MAMBAJAO, CAMIGUIN, October 6, PIA – Starting up a small dairy farm project here opened vast of opportunities for the locals.
The first on the island and located in Mt. Campana, the pilot dairy farm is now a home to some 64 cows. It started with only 25 heads loaned from the National Dairy Authority (NDA) in 2013, with additional 15 heads released this year.
Through this, the local government managed to meet both livelihood and nutritional needs of the people.
To date, the Misamis Oriental State College of Agriculture and Technology (MOSCAT), the only dairy school in the country accredited by New Zealand, is considering “Camiguin Pilot Dairy Production Farm” to be their extension training facility.
It hopes to accommodate students from nearby areas and the locals as well. With this, MOSCAT decongests its trainee as it continues to offer them competitive advantage. After the signing of the memorandum of agreement (MOA) and putting in place all necessary requirements, the facility will then be accredited to grant training certificates.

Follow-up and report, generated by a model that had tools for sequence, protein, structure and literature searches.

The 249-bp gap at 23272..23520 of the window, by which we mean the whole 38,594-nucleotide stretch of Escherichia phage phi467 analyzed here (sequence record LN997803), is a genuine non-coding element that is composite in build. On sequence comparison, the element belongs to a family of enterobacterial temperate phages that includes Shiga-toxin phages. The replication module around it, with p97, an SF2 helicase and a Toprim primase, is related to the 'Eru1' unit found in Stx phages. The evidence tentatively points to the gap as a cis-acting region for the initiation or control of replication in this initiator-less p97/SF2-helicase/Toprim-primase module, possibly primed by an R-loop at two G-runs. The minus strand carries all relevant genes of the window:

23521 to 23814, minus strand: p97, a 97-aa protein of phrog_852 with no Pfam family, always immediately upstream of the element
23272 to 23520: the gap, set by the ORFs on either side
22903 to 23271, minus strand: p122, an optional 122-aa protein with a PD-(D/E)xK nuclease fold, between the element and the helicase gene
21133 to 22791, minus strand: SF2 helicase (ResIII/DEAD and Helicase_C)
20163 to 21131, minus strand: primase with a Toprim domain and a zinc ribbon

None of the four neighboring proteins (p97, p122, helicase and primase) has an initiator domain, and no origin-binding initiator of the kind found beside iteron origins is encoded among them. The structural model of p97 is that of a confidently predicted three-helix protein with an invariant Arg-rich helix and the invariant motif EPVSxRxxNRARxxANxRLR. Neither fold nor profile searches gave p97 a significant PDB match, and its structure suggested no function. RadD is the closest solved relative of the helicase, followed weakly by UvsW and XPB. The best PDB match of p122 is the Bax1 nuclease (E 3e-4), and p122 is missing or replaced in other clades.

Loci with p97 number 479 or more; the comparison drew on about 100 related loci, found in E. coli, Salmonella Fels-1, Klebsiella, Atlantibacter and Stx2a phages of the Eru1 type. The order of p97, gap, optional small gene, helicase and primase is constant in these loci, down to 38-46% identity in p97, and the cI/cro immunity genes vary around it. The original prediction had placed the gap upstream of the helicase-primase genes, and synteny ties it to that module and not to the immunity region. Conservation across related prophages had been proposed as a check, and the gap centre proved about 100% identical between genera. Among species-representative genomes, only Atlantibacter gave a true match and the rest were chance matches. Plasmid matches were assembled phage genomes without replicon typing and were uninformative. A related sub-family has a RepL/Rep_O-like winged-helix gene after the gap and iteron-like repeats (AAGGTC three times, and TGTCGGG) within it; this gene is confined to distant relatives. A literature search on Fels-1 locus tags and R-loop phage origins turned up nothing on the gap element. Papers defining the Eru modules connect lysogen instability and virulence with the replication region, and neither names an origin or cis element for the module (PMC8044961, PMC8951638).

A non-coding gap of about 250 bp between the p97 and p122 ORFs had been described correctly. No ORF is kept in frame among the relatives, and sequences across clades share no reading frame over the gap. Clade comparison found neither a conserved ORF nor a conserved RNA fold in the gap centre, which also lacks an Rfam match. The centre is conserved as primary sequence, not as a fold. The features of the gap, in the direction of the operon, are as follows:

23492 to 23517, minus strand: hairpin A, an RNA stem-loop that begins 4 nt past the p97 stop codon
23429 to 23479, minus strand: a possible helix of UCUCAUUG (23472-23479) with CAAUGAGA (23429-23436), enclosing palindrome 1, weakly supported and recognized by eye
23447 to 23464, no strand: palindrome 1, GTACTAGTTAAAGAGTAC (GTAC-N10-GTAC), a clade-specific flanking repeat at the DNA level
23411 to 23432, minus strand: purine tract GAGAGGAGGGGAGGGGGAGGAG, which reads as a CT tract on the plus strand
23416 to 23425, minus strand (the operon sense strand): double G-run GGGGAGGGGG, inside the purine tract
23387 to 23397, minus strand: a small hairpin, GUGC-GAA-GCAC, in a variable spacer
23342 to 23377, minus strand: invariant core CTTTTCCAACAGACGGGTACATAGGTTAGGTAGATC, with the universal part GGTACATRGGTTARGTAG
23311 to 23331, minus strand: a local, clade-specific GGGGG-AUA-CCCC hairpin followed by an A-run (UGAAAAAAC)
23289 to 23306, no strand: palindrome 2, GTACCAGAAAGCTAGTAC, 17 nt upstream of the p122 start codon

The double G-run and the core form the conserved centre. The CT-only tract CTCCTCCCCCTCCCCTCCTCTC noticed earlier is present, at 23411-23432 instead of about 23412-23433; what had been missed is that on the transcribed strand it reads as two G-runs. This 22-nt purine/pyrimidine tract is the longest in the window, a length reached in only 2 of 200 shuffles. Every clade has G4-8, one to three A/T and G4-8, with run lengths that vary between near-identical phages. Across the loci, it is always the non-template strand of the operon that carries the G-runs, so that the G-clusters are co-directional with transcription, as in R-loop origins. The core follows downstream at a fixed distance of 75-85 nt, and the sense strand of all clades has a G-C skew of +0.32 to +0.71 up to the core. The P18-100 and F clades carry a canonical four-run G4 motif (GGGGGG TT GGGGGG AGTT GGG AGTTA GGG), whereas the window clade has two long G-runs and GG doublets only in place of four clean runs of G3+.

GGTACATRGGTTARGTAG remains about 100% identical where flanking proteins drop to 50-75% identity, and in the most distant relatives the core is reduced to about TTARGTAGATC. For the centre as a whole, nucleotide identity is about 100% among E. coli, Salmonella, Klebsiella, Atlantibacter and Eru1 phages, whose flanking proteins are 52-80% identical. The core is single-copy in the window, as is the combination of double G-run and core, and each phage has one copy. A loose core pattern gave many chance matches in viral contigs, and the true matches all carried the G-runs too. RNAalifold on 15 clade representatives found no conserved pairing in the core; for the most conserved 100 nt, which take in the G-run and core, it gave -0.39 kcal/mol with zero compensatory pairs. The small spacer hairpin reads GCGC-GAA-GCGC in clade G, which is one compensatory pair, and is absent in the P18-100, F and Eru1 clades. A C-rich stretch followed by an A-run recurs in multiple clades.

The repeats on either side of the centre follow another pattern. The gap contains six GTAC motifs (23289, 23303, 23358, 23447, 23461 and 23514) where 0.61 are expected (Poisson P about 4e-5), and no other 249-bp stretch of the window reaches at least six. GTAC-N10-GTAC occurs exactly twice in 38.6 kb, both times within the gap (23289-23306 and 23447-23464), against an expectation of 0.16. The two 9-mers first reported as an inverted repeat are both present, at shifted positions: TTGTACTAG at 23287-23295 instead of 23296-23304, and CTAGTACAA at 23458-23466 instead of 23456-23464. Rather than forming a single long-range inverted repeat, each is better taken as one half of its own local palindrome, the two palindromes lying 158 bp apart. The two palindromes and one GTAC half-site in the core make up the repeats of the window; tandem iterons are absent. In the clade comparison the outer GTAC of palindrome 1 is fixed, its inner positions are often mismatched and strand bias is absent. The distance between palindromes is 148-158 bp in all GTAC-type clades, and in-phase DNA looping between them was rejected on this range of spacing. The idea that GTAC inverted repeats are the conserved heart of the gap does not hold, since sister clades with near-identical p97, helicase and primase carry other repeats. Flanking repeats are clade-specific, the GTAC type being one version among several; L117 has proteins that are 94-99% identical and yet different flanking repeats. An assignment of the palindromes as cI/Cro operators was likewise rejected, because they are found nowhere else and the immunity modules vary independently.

The Provincial Veterinary Office (PVO) said most needed equipment and facilities in the farm are in place, just recently, the Department of Trade and industry (DTI) also turned-over cooling tank equipment, chiller, and sterilizer.
The dairy farm now produces at least 65 to 100 liters of fresh milk daily, depending on the cycle of births among the herd.
The fresh daily harvest supplies all identified severely wasted children in public schools around the province, which normally runs for 120 feeding days, and will continue to reach other priority groups.
The provincial local government unit (PLGU) also extends regular milk distribution/feeding activities during public assemblies, events, and celebrations.
Other than giving out the fresh daily produce to the needy, the PVO also markets it at P50/liter, while part of it was also fed to the calves.
Revving up local Economy
The dairy farm will serve as the area for propagation of dairy animals through crossbreeding and upgrading, as well as to promote dairy animal trading among stakeholders of the local dairy industry.
Farm Veterinarian Lordgin Gamo said they are positive for a boost in breeding/reproduction, next year, with the arrival of one breeder bull, proven more effective than artificial insemination approach for its capacity not to miss out heifers that sometimes silently heats.
While the facility is operated and maintained by the PLGU, it also engaged local farmers in supplying the corn and forage needs of the herd.
The government buys 77-day-old chopped corn plants at P2.10 per kilo to serve as feeds. Cutting may be done manually or using the machines provided by the PLGU. (JCV/PIA)